NOV / DEC 2015: BY LIANNE M. BERNARDO
Dramatist Ben Jonson once praised William Shakespeare in a poem, declaring that he “was not of an age, but for all time!” Indeed William Shakespeare, the playwright from Stratford-upon-Avon who lived from c1560s to 1616, very much embodied the burst of creativity and art that came out of England during the sixteenth century. Having written over thirty six plays and numerous poems and sonnets, his works not only encapsulated the fervor of the English Renaissance but have also endured the test of time.
The staying power of his works and continued prevalence in today’s culture—from English studied to theatre and popular culture—lies in several factors. There is of course its contribution to the English language. Despite of the obvious difference in usage from today’s English and the style that it is written in, Shakespeare’s usage of the language has, in some ways, solidified its place in the language as a whole. He even created words that have found places in contemporary English such as “lacklustre”, “frugal”, and “star-crossed.” Additionally, he coined a number of phrases and expressions that continue to be uttered to this very day, through popular culture, parody, or everyday dialogue: “To be or not to be”, “My kingdom for a horse”, “All the world’s a stage”, and “What’s done is done” just to name a few.
Shakespeare’s works continue to be a source of study in that it crosses boundaries and classes. The characters that inhabit his works come from a broad spectrum of society: his characters were members of royalty, well-off merchants, foot soldiers, holy men and women, and peddlers. His works comment on a wide range of issues, from carrying out the law (Measure for Measure) to religious discrimination (The Merchant of Venice) and divine right (Richard II) to filial love and obedience (King Lear). His works of course reflected much of the times he lived in, such as Elizabethan politics (Julius Caesar), recent history (Richard II) and incorporating Scottish politics and lore (Macbeth), but the issues he presented continue to resonate today as our societies continue to struggle against discrimination, poverty, and war and confront moments of conflict, anger, and mercy. Whether it is Hamlet contemplating life and death or Viola pleading her case for the strengths and constancy of women or Shylock listing out the injustices made against him, Shakespeare’s plays provides an earnest grasp of a situation, leaving his characters and the audience to come to their own conclusions and opinions.
What is also very compelling about Shakespeare and why he continues to endure despite of the times is the fact that his stories and the themes he grapples with are universal and timeless: love, ambition, betrayal, guilt, pride, losing loved ones. Even when one is scratching one’s head deciphering the language and the deeper meanings (or lewd jokes) behind the dialogue, one can easily relate to what the characters are going through. His plays reveal a whole range of emotions and situations that cast light on the human condition, the dilemmas of decision-making, the conflict of different goals, ideas, and desires: Do you save one’s brother at the expense of your principles? Do you go against the king, God’s appointed on earth, in the name of justice and the goodwill of the people? Do you allow nature to take its course or do you seize destiny in your hands? These individuals may have completely different life experiences from ourselves—Richard II’s Bolingbroke, Othello’s titular character, Much Ado About Nothing’s Beatrice—but we know what it’s like to fall in love, how difficult it is to make a life-altering decision, what it’s like to hold a grudge. Their emotional responses to the dilemmas they face are what enables the modern reader and viewer to connect with them over the course of their stories.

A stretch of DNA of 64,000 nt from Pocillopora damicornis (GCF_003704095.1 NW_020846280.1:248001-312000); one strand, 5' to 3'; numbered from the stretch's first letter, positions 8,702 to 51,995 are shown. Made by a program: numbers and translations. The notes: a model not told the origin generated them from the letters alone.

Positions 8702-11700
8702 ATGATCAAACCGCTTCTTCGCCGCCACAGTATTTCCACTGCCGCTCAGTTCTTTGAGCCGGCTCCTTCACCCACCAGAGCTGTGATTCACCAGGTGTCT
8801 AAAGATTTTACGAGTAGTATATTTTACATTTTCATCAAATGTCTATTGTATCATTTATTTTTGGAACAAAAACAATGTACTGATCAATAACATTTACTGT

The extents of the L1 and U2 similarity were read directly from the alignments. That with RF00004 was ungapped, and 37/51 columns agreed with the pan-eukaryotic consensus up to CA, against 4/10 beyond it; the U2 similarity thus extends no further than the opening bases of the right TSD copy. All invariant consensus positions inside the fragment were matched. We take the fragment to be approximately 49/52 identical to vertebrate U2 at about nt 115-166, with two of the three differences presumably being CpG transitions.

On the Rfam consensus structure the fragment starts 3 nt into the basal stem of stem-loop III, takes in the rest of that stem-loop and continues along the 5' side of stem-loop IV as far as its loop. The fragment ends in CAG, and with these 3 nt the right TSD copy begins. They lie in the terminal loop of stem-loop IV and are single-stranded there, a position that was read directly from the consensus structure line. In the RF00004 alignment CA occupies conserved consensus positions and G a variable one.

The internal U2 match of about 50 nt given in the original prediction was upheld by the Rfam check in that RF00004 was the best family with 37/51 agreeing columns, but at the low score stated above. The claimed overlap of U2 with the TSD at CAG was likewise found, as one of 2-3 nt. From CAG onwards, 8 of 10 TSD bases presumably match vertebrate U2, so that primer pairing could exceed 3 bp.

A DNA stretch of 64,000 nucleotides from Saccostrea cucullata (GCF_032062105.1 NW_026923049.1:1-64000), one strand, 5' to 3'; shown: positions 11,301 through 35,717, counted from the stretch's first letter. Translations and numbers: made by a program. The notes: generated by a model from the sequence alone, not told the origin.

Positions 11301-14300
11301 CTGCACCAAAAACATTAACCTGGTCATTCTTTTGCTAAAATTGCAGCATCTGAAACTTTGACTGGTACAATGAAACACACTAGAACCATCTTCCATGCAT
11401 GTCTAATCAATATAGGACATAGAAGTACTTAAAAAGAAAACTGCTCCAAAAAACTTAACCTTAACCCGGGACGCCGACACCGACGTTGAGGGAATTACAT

In the end, despite the fact that these plays were written in a time vastly different from our own and written in a way that is different from modern plays, Shakespeare’s works continue to endure and continue to be performed in our day and age. His work, inspired from other sources, have gone on and inspired many playwrights, artists, and novelists after him. His works resonate because of the story arcs that the characters undergo, connecting the modern audiences to their experiences despite the time gap. They also resonate because despite the difference in life and times, some things have not changed: war, sickness, love, hate, guilt—the human condition remains the same. That Shakespeare was able to encapsulate these feelings and emotions rightfully places him at the head of great English playwrights to emerge in the English Renaissance. ♥
Lianne Bernardo is a 20-something Canadian who loves history, period dramas, British TV, photography, and (European) football. She is an avid reader, from fantasy to literature to historical fiction, and extensively blogs about them on her website, When she isn’t reading, she’s working on her writing projects. Her Twitter: @eclectictales.